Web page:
Wearing a uniform is not always a sure sign of the character inside
Along with all their other obvious functions in the military, uniforms are also a visual expression of the importance and desirability of uniform behavior by the people wearing them. It’s a sound idea: Having a gaggle of individualist foot soldiers acting on their own notions of “forward” is unlikely to result in an effective action.
Uniforms are no guarantee of consistent and desirable behavior, as Philip Beidler makes clear in his reflections on the character of the Vietnam-era U.S. Army, “Home of the Infantry.” Two officers wore essentially the same infantry uniform in those years, Brig. Gen. William Bond and Lieutenant William Calley. But in their behavior, the two men were poles apart. Calley participated in the tragic atrocity at My Lai, and it is no exaggeration to say that he and his troops dishonored the uniform and the service it represents. Bond, at the other extreme of behavior, died in his uniform leading his men into a difficult battle — the lone Army general officer to be killed in Vietnam combat.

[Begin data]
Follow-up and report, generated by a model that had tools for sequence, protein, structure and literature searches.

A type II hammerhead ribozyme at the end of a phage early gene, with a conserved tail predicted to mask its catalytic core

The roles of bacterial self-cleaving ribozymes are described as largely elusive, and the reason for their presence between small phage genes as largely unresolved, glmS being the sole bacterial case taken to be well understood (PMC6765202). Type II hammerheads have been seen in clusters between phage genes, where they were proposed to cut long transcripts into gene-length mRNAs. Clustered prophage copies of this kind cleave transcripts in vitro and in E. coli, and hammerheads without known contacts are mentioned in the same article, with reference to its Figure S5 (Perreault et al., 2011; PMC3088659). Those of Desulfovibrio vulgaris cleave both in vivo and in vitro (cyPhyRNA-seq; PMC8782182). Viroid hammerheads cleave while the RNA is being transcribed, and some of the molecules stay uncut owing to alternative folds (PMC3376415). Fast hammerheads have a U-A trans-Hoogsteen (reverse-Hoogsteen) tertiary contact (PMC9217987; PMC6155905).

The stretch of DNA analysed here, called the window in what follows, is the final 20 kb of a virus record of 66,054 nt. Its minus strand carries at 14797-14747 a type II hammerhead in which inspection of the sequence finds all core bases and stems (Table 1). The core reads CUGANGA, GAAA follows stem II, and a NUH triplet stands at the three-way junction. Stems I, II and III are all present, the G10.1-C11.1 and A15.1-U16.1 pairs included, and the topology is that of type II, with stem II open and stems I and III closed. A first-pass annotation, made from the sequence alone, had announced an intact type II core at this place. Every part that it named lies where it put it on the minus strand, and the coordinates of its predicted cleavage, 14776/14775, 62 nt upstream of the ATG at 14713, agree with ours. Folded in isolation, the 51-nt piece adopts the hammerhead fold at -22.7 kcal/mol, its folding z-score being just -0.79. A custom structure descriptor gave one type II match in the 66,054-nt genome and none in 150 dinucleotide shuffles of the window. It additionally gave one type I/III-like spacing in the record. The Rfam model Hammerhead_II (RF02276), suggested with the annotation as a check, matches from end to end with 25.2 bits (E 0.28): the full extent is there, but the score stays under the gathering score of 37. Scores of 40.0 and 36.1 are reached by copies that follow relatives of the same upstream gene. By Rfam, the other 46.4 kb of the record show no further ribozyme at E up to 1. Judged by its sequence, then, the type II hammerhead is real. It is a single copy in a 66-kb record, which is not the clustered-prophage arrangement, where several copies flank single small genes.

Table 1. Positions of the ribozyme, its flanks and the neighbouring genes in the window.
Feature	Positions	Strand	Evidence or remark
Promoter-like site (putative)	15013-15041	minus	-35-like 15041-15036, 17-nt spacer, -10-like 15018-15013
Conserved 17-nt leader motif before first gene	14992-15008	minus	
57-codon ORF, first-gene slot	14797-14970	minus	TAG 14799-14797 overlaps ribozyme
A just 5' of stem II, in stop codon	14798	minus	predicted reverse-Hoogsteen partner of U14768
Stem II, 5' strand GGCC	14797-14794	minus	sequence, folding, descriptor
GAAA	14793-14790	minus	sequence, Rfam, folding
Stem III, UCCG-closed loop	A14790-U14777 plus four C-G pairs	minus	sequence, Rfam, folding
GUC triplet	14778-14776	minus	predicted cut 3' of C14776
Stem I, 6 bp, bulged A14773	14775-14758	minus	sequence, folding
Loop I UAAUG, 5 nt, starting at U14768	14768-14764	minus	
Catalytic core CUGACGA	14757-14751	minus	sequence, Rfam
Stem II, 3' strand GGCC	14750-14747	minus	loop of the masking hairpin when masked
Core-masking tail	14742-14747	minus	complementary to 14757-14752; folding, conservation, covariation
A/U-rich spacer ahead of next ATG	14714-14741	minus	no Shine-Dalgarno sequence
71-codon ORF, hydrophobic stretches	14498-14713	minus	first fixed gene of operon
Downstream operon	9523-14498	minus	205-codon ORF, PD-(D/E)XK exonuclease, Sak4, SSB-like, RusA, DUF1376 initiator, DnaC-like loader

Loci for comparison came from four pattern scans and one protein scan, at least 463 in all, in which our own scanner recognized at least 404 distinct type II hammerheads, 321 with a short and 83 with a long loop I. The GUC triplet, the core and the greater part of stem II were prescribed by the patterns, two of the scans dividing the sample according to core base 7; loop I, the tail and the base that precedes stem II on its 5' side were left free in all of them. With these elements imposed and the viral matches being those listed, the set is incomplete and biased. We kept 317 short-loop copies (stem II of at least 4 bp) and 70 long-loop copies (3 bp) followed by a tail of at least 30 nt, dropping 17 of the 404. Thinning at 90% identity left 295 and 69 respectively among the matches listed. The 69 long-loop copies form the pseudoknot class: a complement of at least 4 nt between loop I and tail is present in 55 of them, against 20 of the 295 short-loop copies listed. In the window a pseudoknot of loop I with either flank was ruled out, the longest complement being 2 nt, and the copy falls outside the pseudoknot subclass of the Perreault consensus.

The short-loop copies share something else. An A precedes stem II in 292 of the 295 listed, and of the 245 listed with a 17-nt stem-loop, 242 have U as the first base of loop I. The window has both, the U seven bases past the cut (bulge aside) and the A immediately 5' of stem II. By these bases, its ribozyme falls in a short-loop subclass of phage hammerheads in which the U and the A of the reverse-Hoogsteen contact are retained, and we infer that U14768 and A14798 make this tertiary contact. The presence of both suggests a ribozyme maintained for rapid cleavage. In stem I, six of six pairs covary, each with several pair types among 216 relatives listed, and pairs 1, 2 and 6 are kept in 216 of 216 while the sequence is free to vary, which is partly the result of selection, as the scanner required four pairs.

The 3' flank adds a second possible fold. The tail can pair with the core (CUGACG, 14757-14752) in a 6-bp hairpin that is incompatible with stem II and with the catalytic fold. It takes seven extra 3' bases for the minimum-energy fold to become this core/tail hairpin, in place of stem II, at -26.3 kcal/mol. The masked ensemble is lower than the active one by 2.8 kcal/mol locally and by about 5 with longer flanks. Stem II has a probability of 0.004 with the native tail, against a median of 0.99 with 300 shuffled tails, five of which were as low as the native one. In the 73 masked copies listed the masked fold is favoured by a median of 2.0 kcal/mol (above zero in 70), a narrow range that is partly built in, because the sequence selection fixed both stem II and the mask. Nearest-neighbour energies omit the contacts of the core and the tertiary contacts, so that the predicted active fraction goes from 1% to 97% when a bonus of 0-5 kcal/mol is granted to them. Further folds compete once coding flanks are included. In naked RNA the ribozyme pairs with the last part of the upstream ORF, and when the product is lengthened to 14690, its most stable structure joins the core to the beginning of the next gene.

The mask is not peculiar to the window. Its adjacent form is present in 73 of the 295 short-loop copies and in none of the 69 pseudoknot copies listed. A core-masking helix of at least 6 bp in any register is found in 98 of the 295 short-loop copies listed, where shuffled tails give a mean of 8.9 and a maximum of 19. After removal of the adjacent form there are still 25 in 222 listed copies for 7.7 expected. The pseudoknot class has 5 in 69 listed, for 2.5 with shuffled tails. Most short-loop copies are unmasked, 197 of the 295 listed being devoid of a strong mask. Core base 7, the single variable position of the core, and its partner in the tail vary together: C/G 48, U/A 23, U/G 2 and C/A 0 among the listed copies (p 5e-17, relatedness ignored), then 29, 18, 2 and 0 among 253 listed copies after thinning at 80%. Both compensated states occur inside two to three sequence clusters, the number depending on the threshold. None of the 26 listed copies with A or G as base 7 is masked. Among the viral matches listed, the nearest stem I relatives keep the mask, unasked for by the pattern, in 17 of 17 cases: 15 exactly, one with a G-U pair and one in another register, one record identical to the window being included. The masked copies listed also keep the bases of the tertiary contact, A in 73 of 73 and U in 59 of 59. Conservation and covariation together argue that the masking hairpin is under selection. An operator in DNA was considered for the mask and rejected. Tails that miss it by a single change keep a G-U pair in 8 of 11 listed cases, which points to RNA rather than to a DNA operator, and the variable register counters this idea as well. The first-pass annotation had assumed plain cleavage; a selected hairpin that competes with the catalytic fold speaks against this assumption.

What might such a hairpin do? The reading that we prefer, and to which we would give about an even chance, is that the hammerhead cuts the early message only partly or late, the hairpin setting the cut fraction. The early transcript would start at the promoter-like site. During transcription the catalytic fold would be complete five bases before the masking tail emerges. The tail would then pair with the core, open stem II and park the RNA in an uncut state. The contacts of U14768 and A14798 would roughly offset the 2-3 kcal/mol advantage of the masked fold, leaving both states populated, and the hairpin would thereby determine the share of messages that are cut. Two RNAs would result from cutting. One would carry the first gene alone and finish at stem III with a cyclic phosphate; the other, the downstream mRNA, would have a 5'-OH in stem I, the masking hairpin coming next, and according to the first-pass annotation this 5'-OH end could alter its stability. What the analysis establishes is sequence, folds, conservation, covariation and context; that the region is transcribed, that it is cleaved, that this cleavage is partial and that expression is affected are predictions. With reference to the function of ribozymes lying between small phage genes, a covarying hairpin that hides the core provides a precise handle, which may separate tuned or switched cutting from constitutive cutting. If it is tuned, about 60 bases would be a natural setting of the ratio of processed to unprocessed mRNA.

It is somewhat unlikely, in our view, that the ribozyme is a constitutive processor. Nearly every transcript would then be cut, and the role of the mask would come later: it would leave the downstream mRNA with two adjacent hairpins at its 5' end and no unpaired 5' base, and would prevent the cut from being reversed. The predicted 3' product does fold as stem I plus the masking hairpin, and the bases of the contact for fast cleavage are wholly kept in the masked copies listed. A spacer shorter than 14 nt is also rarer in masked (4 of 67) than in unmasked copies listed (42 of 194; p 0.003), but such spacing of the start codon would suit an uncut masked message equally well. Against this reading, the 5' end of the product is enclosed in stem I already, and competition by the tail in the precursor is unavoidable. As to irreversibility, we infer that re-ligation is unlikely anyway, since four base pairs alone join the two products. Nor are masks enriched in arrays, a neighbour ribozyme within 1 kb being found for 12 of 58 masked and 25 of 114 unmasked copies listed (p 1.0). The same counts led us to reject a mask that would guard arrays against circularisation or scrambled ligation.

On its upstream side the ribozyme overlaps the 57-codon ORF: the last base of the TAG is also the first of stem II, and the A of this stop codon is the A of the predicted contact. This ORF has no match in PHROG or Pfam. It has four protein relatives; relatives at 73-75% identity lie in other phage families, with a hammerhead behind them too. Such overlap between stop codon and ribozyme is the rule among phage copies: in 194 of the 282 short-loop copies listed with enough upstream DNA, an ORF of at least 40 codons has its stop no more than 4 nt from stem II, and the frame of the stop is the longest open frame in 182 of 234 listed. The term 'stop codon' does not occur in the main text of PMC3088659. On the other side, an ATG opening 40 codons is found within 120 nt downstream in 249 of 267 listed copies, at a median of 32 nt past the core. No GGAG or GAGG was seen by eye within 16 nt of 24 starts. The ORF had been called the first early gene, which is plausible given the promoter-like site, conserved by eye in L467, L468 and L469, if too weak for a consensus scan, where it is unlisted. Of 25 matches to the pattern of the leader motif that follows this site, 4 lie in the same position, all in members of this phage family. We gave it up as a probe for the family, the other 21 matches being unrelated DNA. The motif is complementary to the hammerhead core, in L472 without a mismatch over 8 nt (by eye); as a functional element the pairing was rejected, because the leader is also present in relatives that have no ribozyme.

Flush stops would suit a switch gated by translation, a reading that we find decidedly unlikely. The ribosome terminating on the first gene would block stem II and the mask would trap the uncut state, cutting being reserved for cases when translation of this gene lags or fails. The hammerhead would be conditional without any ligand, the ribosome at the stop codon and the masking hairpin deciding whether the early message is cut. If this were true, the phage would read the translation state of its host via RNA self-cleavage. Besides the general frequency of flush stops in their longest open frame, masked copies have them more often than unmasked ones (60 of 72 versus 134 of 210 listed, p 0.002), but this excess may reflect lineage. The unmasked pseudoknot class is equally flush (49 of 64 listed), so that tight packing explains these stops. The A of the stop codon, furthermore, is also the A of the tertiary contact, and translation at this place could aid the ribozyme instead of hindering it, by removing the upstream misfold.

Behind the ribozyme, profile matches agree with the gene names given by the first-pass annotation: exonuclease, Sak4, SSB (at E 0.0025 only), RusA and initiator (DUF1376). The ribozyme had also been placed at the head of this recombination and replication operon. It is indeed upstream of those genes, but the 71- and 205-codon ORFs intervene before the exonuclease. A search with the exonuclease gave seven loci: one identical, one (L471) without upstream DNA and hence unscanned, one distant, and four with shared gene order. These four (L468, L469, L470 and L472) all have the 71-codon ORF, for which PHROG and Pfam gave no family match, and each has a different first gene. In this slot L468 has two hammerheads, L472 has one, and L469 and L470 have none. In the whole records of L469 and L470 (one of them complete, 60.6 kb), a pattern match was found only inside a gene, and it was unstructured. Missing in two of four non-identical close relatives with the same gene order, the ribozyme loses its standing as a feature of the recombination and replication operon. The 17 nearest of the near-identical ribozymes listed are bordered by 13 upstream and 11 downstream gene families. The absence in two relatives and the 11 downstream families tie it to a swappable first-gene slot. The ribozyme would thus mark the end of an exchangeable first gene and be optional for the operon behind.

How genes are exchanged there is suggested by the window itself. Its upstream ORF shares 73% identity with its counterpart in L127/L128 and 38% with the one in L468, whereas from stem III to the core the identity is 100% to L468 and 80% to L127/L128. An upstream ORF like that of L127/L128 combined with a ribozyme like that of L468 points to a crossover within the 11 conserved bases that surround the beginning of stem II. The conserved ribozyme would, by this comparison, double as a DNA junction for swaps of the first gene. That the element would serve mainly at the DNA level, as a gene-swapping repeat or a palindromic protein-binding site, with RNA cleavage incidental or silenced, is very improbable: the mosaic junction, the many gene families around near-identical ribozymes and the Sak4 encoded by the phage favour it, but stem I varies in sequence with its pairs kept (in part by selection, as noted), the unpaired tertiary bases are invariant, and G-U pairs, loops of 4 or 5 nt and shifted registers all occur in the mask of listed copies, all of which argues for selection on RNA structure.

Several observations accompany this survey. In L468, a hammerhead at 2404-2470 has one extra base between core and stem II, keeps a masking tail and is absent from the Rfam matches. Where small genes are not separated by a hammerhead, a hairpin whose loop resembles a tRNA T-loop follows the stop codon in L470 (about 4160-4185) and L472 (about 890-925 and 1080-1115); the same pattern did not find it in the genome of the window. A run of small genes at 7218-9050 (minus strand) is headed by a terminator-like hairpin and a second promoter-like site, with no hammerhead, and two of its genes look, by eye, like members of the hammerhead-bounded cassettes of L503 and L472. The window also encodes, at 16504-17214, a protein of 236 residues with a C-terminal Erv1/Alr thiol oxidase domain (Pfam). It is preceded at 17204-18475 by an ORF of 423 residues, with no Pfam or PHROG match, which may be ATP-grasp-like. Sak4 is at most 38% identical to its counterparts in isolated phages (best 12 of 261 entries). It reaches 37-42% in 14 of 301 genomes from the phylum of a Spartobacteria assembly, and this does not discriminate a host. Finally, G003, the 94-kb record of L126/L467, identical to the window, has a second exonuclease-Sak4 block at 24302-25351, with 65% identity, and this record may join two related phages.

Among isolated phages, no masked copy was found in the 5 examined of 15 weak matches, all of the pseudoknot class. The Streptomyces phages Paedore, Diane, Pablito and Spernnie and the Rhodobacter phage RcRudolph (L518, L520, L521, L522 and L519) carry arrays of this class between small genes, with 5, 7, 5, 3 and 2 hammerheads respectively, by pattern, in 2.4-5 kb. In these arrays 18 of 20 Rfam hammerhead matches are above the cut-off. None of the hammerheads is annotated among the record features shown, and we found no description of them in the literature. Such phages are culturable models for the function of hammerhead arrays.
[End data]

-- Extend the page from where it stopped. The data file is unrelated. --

Humans are a fractious lot, and it is at least arguable that some measure of individuality, of anti-uniform behavior, can be seen as an expression of the strong personal leadership that any good army would consider highly desirable. General George Patton’s nonregulation ivory-handled side arms were an expression of what he was, and what he was was a formidable officer and leader. And, in this issue’s cover story, the flagrantly non-standard white cape affected by Prince Dimitri Amilakvari, a career officer in the 13th Demi-Brigade of the French Foreign Legion, was part and parcel of who — and what — he was during the brigade’s actions in World War II. Those actions culminated in a bitter opening fight at the Battle of El Alamein in which Amilakvari was killed and then buried in his idiosyncratic cape. So, much as all things military strive for uniformity, perhaps transcending uniformity is a hallmark of true leadership.